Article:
Sun Cities Today Blog

Welcome to the communities that changed a nation!

Archive for the month “August, 2011”

Intriguing? Captivating? or both?

This slideshow requires JavaScript.

Don’t you love headers that seduce you into reading more? While words can be temptress-like, how about when you come across material things that have a texture that is far more than what you see at first glance? You know that if you get closer look, all will be revealed and ultimately reveled in.

Sun City is filled with those kinds of wonderful opportunities for exploration. For example; millions of people drive down Thunderbird and cross over Del Webb Blvd each year. As they go flying by, they see the old circular Lakeview Recreation Center. Quaint maybe, but hardly impressive. Sadly, most just see it as an old building. If they stopped and looked, they would be stunned at the gorgeous lake setting and “mountain” behind it. Visitors are always amazed.

But alas, this column is one of a more personal preference; and the setting is a scant block or two away. From my earliest visits to Sun City beginning in the 90’s, i found myself fascinated by a series of homes in Sun City. They were unique – probably why i was mesmerized by them. For those of you who know Sun City, Webb’s style of building was if nothing else, consistent. Though front elevations differed, you could tell it was a Sun City home.

Del Webb Blvd is one of the most often traveled streets in the community. If you are heading south on it and pass Cameo there are 72 odd-looking structures over a two-block by four-block area. They have 10 foot walls and the appearance is almost compound-like. They were a one time construct in the 60 series that was unveiled in 1969/1970 as Del Webb Corporation moved into what is called Phase 2. One reason they stopped building them was the lack of parking as model homes.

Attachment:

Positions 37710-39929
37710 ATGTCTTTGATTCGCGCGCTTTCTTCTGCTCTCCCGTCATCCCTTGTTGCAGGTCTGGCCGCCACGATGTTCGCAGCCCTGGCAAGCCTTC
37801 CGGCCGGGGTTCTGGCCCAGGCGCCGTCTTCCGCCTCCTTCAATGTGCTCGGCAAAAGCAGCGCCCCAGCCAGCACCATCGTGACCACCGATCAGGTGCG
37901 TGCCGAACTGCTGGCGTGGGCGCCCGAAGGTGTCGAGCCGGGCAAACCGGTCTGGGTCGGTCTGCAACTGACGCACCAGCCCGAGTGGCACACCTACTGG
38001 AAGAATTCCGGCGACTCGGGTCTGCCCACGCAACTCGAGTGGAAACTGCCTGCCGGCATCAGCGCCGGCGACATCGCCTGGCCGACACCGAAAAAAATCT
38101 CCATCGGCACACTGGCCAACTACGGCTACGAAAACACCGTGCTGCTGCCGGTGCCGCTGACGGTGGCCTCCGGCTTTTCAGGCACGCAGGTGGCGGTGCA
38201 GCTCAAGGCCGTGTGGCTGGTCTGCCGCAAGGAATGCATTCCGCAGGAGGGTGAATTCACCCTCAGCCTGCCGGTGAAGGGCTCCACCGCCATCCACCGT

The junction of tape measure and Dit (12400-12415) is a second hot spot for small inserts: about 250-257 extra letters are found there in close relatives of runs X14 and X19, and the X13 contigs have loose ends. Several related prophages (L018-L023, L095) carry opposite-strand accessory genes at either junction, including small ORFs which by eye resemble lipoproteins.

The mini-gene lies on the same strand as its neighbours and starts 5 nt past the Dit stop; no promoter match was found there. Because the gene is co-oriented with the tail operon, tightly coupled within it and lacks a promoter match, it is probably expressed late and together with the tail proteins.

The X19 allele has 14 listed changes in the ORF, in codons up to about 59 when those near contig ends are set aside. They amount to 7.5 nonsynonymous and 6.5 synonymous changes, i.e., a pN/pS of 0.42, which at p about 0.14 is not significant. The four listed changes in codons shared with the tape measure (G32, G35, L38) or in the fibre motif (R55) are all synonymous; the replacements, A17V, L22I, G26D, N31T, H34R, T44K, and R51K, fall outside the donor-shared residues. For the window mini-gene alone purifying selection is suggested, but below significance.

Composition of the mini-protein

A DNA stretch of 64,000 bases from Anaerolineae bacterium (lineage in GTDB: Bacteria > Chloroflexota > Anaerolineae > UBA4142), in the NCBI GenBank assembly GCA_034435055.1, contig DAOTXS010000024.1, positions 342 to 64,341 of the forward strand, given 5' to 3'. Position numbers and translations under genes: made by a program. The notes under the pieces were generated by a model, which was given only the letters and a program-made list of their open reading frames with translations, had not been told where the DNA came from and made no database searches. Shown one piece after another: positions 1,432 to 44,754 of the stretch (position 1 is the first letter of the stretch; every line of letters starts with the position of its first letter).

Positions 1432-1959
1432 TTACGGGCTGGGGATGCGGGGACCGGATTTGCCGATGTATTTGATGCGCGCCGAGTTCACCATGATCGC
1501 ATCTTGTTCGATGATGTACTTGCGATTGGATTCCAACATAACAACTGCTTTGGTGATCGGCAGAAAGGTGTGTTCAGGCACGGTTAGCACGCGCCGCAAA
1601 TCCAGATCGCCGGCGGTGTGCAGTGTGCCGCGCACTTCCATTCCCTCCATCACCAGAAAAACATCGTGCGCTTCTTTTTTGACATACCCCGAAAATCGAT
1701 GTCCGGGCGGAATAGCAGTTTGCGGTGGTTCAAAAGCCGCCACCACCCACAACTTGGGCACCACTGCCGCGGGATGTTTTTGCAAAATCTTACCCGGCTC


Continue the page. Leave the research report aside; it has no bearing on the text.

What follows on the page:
I’ve driven by them hundreds times and always wondered what the heck was behind those walls. When models came up for sale, i would pick up information sheets and was even more intrigued by their square footage. Some came in with more than 2200 sf, all had two courtyards and a few even had their own swimming pools.

Sun City has 27,000 plus homes with a third of them some configuration of twins, quads, garden court apartments and patio apartments. In fact, 380 plus home owner associations oversee these various types of dwellings. What was so significant was i kept reading in the information put out by Realtors that these Patio Homes were akin to single family homes…no association fees.

Finally a few years back i got a chance to see a couple of the units. I absolutely loved them. Expansive, and when i saw them, expensive as well. Square footage dictated the higher price, but for those looking for security and convenience, they were perfect. If we hadn’t been living in a single family home we had remodeled from top to bottom, we would have been looking at this type of arrangement.